This article originally appeared in the Oct. 8, 2010 edition of the New York Times.
Angel Hsu scaled the Great Firewall of China to report on U.S. Deputy Climate Envoy Jonathan Pershing’s dim sum outing.
“Went to have dinner at Ding Tai Fung in #Tianjin. Guess who was there? US lead negotiator Jonathan Pershing. Can’t get away from that guy!” Hsu, who tweets by the handle @ecoangelhsu, told her 352 followers.
Kartikeya Singh, who is tracking discussions on technology transfer, tweeted a bit of optimism from the U.N. talks: “#tech transfer brightest spot in the #unfccc #tianjin climate talks. Never seen a more friendly atmosphere in negotiating room!”
And @TylerSuiters, reporting for Clean Skies News, got around China’s cyber-censors to tweet the hallway wisdom of Natural Resoures Defense Council expert Jake Schmidt: “At update w/ @NRDCNews on Tianjin #climate talks. Jake Schmidt: “So how’re we doing? Not so great.”
Twitter isn’t the only forbidden site being openly accessed at the United Nations Framework Convention on Climate Change talks in China this week. OneWorldTV has uploaded dozens of short videos to YouTube, and the UNFCCC manages to frequently update its Facebook page. How are so many bloggers, activists and reporters in Tianjin for the year’s penultimate negotiating session able to breach the Chinese government’s vast ability to monitor and control electronic communication?
“Through BlackBerry,” reported Schmidt, citing one of the best known ways of getting around centralized firewall systems. Schmidt has been tweeting from the U.N. meetings himself, posting updates that are widely circulated in the blogosphere.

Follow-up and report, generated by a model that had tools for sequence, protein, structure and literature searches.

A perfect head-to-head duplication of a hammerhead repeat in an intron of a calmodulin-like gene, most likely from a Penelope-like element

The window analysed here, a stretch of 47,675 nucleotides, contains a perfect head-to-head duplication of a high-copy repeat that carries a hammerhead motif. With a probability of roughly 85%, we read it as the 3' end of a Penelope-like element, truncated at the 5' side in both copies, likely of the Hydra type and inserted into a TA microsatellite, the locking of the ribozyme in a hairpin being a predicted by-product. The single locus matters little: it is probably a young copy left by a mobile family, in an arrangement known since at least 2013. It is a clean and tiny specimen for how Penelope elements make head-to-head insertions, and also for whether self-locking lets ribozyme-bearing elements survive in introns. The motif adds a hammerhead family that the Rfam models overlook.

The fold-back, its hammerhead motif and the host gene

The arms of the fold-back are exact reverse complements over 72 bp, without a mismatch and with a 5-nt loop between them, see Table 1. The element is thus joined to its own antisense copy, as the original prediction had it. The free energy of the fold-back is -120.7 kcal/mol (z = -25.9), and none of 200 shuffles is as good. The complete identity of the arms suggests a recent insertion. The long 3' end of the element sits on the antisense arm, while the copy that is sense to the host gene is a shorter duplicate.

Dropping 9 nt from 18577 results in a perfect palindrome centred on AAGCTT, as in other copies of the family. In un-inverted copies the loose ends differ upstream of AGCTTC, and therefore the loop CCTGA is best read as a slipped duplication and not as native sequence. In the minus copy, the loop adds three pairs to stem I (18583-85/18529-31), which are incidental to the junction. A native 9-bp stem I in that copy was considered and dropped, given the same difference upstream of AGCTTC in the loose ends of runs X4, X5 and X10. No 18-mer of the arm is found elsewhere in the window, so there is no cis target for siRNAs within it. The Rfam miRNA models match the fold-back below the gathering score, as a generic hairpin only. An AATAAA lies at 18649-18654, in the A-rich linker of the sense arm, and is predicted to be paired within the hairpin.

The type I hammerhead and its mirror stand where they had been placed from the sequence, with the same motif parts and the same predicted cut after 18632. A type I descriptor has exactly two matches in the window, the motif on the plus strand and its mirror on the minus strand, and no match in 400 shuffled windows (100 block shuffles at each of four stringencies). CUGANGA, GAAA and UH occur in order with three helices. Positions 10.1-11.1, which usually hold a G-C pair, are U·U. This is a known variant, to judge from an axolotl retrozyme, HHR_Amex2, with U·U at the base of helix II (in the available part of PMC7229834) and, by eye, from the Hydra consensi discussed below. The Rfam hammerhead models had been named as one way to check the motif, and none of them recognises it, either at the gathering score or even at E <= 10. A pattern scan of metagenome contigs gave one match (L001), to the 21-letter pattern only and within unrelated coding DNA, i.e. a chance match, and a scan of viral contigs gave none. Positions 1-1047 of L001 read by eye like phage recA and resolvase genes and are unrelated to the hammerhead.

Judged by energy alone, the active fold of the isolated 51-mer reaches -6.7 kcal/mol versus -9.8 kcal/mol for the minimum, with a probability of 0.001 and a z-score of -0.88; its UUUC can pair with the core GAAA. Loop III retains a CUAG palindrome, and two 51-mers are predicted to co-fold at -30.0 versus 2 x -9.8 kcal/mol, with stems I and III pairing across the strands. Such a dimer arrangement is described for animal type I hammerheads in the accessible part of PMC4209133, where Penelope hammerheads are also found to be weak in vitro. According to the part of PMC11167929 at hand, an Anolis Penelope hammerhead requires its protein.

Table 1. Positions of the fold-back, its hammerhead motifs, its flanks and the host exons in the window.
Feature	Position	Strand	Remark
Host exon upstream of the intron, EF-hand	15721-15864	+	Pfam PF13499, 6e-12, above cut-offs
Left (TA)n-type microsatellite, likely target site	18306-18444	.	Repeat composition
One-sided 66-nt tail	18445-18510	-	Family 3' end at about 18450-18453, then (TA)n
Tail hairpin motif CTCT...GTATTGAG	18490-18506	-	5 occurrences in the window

“Luckily, I have an external VPN, which my friend told me I could use,” added Singh. Paid virtual private networks (VPNs), another common circumvention tool that allows access to forbidden social networking sites — and a measure of secure Internet use — are increasingly popular in China.
Those attending the talks this week say Twitter, Facebook and other verboten-in-the-PRC sites can be accessed in the official UNFCCC computer room. Elsewhere in the well-connected Tianjin Meijiang Convention and Exhibition Center, the sites are off-limit.
The Tianjin tweets have been given a scrolling home on the UNFCCC’s “virtual participation” page. They run the gamut from informative (RT @duycks: Reading: “KP shouldnt B held for ransom by any1” in #tianjin ECO5 http://bit.ly/dBsQjJ #COP16 #UNFCCC) to the theatrical (RT @jrussar: Song to the #UNFCCC “You’ve got to get yourself together/ You’ve got stuck in a moment and now you can’t get out of it.” Thanks to U2.)
Hsu, a Yale PhD student studying Chinese emissions in Beijing, said she first discovered the value of Twitter at last year’s chaotic U.N. climate conference in Copenhagen, Denmark.
“Sometimes the only way you could figure out what was going on was through Twitter,” she recalled. This year, she said, is far less frenetic, but Twitter remains an equally important tool for activists. She’s found out about impromptu press conferences and hallway buzz. She even tweeted a picture of Vice Minister of the National Development and Reform Commission Xie Zhenhua — who reportedly is under instruction not to leave the building lest he get blamed for talks going south — casually enjoying an exhibit with a group of students.
“In terms of logistics, it has been incredibly useful to see what’s going on,” she said.
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